• Advent: Focus on your neighborhood’s longings. For what are we waiting in this time and this place?
  • Christmas: Where do you see God’s love Incarnate? You could sing as you walk in this joyful time.
  • Epiphany: What places in your neighborhood shine brightly? Where do you still see darkness?
  • Lent: Where does your neighborhood feel like wilderness? Where are the temptations? The Angels?
  • Holy Week: If Jesus processed into your neighborhood, where would he walk? What would people shout to him? Where do you see Jesus suffering most?
  • Easter: Where are signs of resurrection? What surprises you? Can you call your neighbors by name?
  • Rogation Days: Walk your parish “boundaries.” What do you pray will grow and blossom here?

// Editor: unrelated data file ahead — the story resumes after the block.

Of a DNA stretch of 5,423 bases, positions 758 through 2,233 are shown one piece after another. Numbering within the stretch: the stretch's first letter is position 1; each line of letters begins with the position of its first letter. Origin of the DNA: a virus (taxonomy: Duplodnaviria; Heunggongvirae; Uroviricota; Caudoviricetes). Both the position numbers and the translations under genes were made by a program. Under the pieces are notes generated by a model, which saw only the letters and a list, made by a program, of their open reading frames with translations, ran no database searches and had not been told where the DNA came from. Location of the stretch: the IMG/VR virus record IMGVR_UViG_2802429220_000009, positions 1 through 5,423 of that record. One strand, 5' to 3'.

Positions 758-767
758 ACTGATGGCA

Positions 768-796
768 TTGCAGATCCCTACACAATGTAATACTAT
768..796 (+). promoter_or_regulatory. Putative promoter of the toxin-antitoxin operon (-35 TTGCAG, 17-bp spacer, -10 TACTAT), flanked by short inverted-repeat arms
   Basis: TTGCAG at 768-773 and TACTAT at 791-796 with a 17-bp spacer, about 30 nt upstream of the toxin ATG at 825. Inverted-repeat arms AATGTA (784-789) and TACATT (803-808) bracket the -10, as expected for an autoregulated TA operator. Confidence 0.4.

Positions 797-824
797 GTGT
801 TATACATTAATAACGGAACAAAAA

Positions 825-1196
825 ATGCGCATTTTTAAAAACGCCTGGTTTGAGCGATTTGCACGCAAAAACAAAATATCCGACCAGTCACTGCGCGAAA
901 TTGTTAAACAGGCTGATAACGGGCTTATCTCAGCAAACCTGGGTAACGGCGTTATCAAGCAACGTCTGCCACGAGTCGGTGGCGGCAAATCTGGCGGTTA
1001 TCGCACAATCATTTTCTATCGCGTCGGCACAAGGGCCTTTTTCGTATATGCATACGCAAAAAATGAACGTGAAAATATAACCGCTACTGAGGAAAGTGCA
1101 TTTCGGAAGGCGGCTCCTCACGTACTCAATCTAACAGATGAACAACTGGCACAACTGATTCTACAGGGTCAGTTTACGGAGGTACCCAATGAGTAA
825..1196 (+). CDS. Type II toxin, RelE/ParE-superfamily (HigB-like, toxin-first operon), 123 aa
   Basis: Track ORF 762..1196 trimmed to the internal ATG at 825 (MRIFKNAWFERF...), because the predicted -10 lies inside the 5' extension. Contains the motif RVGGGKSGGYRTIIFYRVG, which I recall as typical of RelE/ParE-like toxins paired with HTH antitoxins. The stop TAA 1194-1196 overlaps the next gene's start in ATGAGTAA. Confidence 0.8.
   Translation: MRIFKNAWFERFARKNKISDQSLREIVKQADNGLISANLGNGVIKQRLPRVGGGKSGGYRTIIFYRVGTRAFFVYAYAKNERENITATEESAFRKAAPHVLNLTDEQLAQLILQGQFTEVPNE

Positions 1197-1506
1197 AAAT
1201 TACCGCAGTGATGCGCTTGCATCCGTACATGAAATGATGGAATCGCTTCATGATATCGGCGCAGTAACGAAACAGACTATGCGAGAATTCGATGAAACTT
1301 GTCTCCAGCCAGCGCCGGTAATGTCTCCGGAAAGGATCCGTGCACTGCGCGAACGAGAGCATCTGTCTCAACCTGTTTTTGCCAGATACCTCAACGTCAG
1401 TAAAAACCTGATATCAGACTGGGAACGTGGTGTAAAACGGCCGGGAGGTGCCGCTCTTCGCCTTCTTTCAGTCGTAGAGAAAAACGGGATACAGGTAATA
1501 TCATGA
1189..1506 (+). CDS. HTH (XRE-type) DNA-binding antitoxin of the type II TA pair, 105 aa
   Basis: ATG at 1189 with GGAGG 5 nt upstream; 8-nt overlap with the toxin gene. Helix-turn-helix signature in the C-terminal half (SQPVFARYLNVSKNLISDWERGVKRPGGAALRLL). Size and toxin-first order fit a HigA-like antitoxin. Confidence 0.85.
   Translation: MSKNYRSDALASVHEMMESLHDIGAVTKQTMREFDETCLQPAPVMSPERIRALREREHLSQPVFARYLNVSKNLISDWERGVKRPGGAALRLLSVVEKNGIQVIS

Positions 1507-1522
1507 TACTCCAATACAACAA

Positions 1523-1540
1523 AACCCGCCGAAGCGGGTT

• Pentecost: Walk your neighborhood seeking the Holy Spirit. What do you feel fired up to do or say?
  • Ordinary Time: Where is life springing up in this green season? Pray for the community’s flourishing. 

Especially in areas that have witnessed systemic oppression, violence or conflicted police relations, a Prayer Walk can signal the abiding peace and justice of God and facilitate healing and hope.

  • Choose an area where you or your congregation already have or desire to be in relationship. It does not have to be the neighborhood where you live or the one closest to your congregation; you could choose to move into solidarity with people whose struggle is different from your community’s.
  • Prayer walking is chiefly about being a presence and seeing your surroundings through God’s eyes. As you walk, ask, “What would God celebrate here? What would God heal? How can we pray for what we see?”